The level and sophistication of threats to information security has become an economic issue that no organization can possibly eliminate through network security systems and processes.
ProQuest has advised numerous law firms on their cyber risk coverage needs and has structured network and privacy security policies designed for the needs of their firm.
Security Risks IncreasingCyber security threats, especially targeted attacks using social engineering, are increasing with greater frequency and sophistication, leaving even smaller law practices vulnerable to customer data and intellectual property breaches.
Despite the implementation of advanced internet security systems, the financial management of network security for a large law firm needs to incorporate risk management services offered by specialty insurance protection.
Newer standalone forms are now being developed that deliver tailored coverage facets in the form of a combined enterprise risk management program. Using a modular approach, the program responds to costs/expenses and liability emanating from both first-party and third-party risks.
First-party exposures originate from losses, costs, or damages that are directly incurred by the firm. These include:
- Loss of data—Cost to recreate data and restore the network.
- Loss of business income—Loss of income and extra expenses associated with containing damage, preventing attacks, and implementing contingency plans.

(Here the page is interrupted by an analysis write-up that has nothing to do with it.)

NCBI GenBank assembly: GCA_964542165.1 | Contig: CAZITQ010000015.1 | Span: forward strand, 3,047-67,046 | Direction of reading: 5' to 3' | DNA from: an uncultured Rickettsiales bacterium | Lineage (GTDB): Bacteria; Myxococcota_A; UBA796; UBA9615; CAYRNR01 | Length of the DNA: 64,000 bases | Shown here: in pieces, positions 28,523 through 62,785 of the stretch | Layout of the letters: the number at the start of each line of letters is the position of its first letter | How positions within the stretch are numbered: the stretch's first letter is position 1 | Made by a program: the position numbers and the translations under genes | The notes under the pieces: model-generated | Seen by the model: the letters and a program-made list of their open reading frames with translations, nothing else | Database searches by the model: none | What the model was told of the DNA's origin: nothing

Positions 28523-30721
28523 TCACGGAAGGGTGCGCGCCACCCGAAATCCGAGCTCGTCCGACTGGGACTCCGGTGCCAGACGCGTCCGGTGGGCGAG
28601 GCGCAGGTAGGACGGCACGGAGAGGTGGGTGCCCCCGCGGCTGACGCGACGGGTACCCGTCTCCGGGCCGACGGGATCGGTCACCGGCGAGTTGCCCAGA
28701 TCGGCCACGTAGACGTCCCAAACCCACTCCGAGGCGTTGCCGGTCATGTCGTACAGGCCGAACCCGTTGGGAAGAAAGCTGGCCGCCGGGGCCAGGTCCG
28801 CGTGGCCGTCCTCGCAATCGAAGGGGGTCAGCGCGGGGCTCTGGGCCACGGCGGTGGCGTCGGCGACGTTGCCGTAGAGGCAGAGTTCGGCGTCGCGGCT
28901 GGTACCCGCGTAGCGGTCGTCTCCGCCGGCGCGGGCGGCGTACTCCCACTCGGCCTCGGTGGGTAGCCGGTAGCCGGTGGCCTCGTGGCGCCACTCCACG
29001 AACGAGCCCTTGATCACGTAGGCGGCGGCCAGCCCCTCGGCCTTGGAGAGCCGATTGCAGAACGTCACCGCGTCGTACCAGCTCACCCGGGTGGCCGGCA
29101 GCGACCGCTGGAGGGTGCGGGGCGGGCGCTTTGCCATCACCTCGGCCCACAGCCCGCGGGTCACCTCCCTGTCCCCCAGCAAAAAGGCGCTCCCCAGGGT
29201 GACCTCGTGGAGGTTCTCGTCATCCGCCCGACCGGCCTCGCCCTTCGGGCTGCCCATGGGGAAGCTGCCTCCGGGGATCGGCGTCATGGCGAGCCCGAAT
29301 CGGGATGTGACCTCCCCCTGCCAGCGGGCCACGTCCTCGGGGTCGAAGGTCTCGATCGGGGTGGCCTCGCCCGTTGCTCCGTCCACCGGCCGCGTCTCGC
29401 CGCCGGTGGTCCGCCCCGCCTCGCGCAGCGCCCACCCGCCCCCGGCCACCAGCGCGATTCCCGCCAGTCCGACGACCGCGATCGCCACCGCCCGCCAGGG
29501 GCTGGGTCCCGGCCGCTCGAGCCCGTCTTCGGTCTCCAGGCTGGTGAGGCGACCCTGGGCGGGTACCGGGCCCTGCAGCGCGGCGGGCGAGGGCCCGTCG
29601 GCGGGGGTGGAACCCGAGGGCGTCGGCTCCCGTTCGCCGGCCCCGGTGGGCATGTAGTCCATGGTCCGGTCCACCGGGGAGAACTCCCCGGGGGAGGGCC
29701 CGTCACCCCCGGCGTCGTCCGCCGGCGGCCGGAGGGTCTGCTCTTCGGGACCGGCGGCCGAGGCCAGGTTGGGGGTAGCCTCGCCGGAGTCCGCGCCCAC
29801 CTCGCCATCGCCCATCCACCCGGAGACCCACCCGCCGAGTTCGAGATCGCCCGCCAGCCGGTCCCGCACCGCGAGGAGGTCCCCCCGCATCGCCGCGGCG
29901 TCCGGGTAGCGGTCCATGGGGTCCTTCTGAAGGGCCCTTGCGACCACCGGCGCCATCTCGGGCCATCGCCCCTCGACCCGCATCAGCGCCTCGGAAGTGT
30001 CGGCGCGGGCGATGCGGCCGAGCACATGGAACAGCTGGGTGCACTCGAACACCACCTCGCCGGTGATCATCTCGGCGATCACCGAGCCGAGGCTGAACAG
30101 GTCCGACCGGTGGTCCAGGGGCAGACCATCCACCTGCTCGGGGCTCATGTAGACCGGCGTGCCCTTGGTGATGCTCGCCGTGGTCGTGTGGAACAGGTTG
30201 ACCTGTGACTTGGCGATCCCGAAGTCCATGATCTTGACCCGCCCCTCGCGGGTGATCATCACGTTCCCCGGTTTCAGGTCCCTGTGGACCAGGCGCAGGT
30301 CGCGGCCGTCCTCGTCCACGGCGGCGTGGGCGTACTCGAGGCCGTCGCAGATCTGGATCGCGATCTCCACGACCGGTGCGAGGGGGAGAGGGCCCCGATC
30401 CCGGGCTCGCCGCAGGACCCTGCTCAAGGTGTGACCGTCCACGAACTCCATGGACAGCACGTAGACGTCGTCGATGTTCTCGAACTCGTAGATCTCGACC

- Loss of revenue—Income loss resulting from negative media reports and publicity; costs of public relations efforts to restore client confidence.
- Electronic theft—Involving intangible property (data) or system resources.
- Extortion—Cost associated with responding to demands by those threatening to damage or disrupt network or release sensitive or private non-public information accessed from your network.
Third-party exposures arise from an organization’s responsibility to others. These include:
- Privacy injury—Unauthorized disclosure of sensitive or nonpublic private information.
- Network security—Breaching the confidential information of others; inability to access/use information; infecting, damaging, or corrupting the information of others.
- Content liability—Publishing material that is disparaging or infringing.
ProQuest will assist your firm in structuring a cyber risk program, which may include the following:
- Privacy regulatory (defense cost and expenses)
- Privacy breach notification costs and expenses
- Network assets protection
- Cyber extortion
- Cyber terrorism
- Multimedia liability
- Privacy and network security liability
- Remediation costs and loss of net income
In response to the growing demand for products tailored to technology risks, a multitude of insurers have expanded their capacity for cyber risk insurance products, including many markets also involved in the LPL space. In an environment where data may be valued more than money, insurance market solutions need to be explored to adequately protect against the liability of security failures.